First of all, cooking times are always only guidelines. The rule is always, "Cook it until it's done". The USDA suggests a finished internal temperature of 165 F (74 C).
USDA recommends cooking whole duck or goose to a safe minimum internal temperature of 165 °F as measured using a food thermometer. Check the internal temperature in the innermost part of the thigh and wing and the thickest part of the breast. When cooking pieces, the breast, drumsticks, thighs, and wings should be cooked until they reach a safe minimum internal temperature of 165 °F.
So, the answer to your question is that you cook it until enough time has past that the goose is 165 F...
With the caveat that your target temperature may be lower than the USDA recommendations because we all love eating rare meat. From an episode of The Splendid Table, Hank Shaw mentions his recommended target temperatures for different parts of a goose:
HS: The first thing you need to know is the sweet spot of cooking a goose breast is somewhere around 135 to 145 degrees Fahrenheit internal temperature.
LRK: It's pink?
HS: It's pink, yes -- medium-rare to medium. The sweet spot for the legs is somewhere around 175 to 180 degrees Fahrenheit, give or take, they're pretty forgiving. That's a huge spread in temperature.
He achieves this temperature difference by removing the breasts half-way through cooking and returning the rest of the bird to the oven until the higher temperature is reached. Note, the temperature of the breasts is below the recommended temperature, so there is likely some amount of risk with eating it this cool.
The entire method is explained in the link and it's pretty fascinating. While he gives estimates of time (45 minutes for breasts plus 45 minutes more for the remainder) which are quite a bit lower than your two recipes despite being for a lower oven temperature (325 F) and a larger bird 12-16 lbs, it's possibly due to the target temperature being so low for the breasts and, once they're removed, the remainder of the bird would probably cook more quickly.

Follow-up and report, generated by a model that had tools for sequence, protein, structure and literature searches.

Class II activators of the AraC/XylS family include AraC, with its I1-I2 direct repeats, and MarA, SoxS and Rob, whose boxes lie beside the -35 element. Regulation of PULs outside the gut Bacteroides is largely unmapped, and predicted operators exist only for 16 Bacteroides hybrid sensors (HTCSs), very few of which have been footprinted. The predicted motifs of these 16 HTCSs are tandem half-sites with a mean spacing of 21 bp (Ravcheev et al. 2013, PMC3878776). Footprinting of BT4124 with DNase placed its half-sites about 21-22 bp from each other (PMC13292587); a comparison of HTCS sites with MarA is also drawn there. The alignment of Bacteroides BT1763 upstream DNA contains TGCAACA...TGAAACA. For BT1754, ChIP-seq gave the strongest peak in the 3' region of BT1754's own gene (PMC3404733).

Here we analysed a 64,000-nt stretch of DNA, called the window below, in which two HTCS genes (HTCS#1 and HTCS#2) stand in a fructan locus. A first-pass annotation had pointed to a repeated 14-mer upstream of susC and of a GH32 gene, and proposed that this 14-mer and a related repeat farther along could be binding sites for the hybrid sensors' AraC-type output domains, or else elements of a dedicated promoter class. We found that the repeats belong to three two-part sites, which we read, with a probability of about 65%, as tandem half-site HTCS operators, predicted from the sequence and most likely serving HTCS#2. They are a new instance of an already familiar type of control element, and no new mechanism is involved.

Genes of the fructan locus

To address the methods you're looking at, I'm going to convert the recipes to be in the same units:
Ramsay - 450 F for 10 minutes followed by 9/15 min/lb at 375 F
Food Network - 450 F preheat then 20-25 min/lb at 350.
Now, let's look at your two recipes...
- Stuff the zested fruit and the herb sprigs inside the bird and set aside for at least 15 mins. Can be done up to a day ahead and kept refrigerated.
Rub inside cavity with lemon juice. Place apple, potato, orange and celery inside the body cavity. Truss the bird like a turkey.
I'm going to guess that the apple, potato, orange and celery combo may be more dense than seven lemons/limes. If it is, it's probably going to retard the cooking time a bit. This may explain some of your difference in cooking times, so you should keep that in mind. I don't know how you're planning to prepare your bird but the filling may change the cooking time.
Also, that big 450 F burst for 10 minutes is a big difference over simply raising the oven to that temp and immediately lowering it. When you open the oven, a lot of the air will leave, causing the air temp to drop a bit. If you immediately lower the temperature, it will drop to 350 F pretty quickly.
With Ramsay's method you're actively cooking the bird for 10 minutes at 450 F. This means that the oven will bring itself back up to 450 F and stay there for a few minutes before you drop the temperature to 375 F and it will take longer for the oven temperature to drop (assuming you have a well-insulated oven). The goose will start warming up more quickly with this method, which is reflected in the shorter cooking time.
Plus, when you're talking about 2 hours or more, a 25 F temperature difference does change the cooking time.
So, in the end, I think the methods are quite different but I think that (if you follow the actual method including the filling) both will give acceptable results... but that doesn't matter because you should at least find a recipe that tells you what temperature to aim for rather than what time to cook for and refer to those recipes' internal temperature recommendations and use your meat thermometer to know when you've reached them.